There is a company on the Internet called Bikes Direct, and they sell bicycles. There’s not anything particularly remarkable about that, but the mere mention of their name has the power to spark fiery debate. Well, I say “fiery”, but I guess I really mean “embarassing” or “horribly nerdy”, but the end result is discord and we simply can’t have discord on the Internet.
So what’s so different about Bikes Direct that rouses ire? Well, they sell partially-assembled no-name frames with name-brand components. You choose your bike on their web site and it arrives at your house packed in a box for much less than you’d buy a name-brand frame with the same component group at a shop. It is then up to you to put the finishing touches on the bike’s assembly, or have a local shop do it for you, but the only material difference is the frame.
So, how much does the frame’s name branded-ness matter? It’s hard to say. All bike frames are birthed by a Queen Bicycle that lives somewhere in China and is tended to by white-gloved servants. Each frame’s geometry is whispered softly into her ear, she’s fed the necessary ingredients in soufflé form, and then out the frames come.
If that’s the case, then who cares what the decals say? The short answer is, I do. I’m a vain, self-conscious douche, and I like having name brand items. I’m of the opinion that they lend the credence to my riding that my race results do not.
More than that, though, I like buying stuff at shops and having a good relationship with the people who work there. Not that shops won’t work on Bikes Direct bikes, because they will. In fact, my buddy Rob The Rocket informs me that he and his shop will happily work on even department store bikes, a policy which is analogous to a dentist who agrees to work on mouse teeth.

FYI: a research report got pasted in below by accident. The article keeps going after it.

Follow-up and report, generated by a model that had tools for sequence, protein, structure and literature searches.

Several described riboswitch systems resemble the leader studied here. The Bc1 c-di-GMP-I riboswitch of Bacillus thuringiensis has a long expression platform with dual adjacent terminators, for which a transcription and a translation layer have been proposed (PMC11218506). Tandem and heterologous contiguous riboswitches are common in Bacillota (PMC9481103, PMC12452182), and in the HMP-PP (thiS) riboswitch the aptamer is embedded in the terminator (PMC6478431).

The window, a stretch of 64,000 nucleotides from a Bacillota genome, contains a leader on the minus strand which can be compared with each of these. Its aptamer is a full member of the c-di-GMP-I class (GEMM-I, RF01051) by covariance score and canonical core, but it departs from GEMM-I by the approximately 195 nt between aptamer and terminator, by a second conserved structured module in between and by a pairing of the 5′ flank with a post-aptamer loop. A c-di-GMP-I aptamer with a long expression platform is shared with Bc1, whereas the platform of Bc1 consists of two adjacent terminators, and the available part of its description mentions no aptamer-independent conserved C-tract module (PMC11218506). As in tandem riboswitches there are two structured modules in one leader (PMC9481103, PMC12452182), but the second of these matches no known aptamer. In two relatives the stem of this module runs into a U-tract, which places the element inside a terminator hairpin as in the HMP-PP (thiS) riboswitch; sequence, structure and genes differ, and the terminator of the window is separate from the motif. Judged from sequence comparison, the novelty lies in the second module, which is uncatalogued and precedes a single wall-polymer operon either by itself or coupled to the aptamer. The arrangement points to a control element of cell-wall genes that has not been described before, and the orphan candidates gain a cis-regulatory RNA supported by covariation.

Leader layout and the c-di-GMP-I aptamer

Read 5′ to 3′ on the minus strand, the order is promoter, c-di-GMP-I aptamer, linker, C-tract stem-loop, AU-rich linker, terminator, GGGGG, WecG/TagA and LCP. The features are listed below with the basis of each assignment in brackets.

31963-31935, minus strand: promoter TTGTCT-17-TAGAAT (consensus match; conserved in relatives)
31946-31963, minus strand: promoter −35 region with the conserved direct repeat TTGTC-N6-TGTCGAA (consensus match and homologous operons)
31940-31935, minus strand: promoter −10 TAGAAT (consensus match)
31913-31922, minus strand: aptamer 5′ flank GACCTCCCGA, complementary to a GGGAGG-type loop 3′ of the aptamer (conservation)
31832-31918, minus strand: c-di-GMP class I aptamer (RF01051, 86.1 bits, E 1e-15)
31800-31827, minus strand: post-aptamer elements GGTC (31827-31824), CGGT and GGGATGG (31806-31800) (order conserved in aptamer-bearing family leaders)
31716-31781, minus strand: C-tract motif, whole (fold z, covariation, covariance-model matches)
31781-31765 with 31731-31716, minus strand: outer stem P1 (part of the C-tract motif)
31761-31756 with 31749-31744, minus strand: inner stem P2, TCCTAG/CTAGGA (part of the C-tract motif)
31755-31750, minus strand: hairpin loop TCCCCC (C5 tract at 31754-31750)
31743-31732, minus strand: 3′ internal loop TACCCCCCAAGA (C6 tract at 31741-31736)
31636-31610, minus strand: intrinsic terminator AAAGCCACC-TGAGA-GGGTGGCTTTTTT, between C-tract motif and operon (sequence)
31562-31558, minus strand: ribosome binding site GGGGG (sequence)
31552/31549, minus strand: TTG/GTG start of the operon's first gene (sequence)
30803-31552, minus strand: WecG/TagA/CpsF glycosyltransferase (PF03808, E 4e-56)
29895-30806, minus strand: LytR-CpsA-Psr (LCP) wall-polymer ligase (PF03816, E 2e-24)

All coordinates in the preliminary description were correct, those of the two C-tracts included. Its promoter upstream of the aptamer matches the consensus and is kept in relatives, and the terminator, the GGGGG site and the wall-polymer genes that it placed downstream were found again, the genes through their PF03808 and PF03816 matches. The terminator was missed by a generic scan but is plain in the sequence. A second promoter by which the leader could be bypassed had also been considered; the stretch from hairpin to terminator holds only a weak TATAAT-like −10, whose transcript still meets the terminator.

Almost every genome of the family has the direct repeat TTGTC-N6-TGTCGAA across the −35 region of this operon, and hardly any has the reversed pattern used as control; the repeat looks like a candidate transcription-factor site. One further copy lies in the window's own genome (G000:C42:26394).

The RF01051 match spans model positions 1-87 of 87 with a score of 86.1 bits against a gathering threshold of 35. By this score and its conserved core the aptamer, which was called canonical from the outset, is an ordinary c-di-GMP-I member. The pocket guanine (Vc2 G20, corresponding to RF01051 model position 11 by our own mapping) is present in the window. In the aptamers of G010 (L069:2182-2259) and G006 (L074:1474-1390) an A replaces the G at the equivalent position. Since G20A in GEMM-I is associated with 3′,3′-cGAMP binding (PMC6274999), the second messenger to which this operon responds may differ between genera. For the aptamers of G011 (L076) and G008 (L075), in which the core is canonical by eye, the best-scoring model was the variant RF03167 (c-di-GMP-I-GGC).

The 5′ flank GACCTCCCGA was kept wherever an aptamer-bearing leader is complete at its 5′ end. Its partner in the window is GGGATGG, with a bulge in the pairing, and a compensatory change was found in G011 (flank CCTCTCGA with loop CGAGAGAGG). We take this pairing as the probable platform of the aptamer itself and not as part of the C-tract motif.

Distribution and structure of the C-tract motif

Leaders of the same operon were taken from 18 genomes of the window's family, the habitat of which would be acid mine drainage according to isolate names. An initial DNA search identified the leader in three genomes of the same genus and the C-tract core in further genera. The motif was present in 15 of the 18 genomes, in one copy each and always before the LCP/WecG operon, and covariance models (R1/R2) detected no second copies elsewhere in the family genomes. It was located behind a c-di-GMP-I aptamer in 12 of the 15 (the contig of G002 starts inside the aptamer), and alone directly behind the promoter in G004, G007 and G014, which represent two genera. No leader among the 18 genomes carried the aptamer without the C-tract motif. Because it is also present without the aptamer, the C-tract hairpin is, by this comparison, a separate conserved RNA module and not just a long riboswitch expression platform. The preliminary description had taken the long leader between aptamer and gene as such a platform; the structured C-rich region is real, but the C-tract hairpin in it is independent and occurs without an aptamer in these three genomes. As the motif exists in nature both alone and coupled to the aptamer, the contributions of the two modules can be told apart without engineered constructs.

I guess I just like having a face to look at when I whip out my wallet and plunk down a bunch of money, even if it’s the scruffy, thin face of a bike shop employee. I like to think that there’s more to business than just price, and I don’t mind paying for that intangible extra when it comes to bikes.
Mind you, I have no trouble whatsoever buying flat-pack furniture from Ikea and assembling it myself with the included tool and no instructions, so I guess I’m not a unilateral purist.
Bikes Direct does have a great following on the internet, though, particularly among new bike purchasers, or so it seems to me. Ultimately I think that BD fills a niche created by a growing distrust in corporations, and that the cut-out-the-middleman approach appeals particularly to people who buy things online where the main competition point is usually price.
I think the real answer is that bicycles have reached a point with me where price isn’t the main concern. Along these lines, I also wouldn’t advise keeping a running total in your head of the money you’ve spent on entertaining your Cheryl. It’s best just to evaluate your time together on an experience basis alone, independent of the facts and figures.
Having said all that, I have no reason to believe that there’s anything wrong with Bikes Direct bikes, per se, they’re just not for me.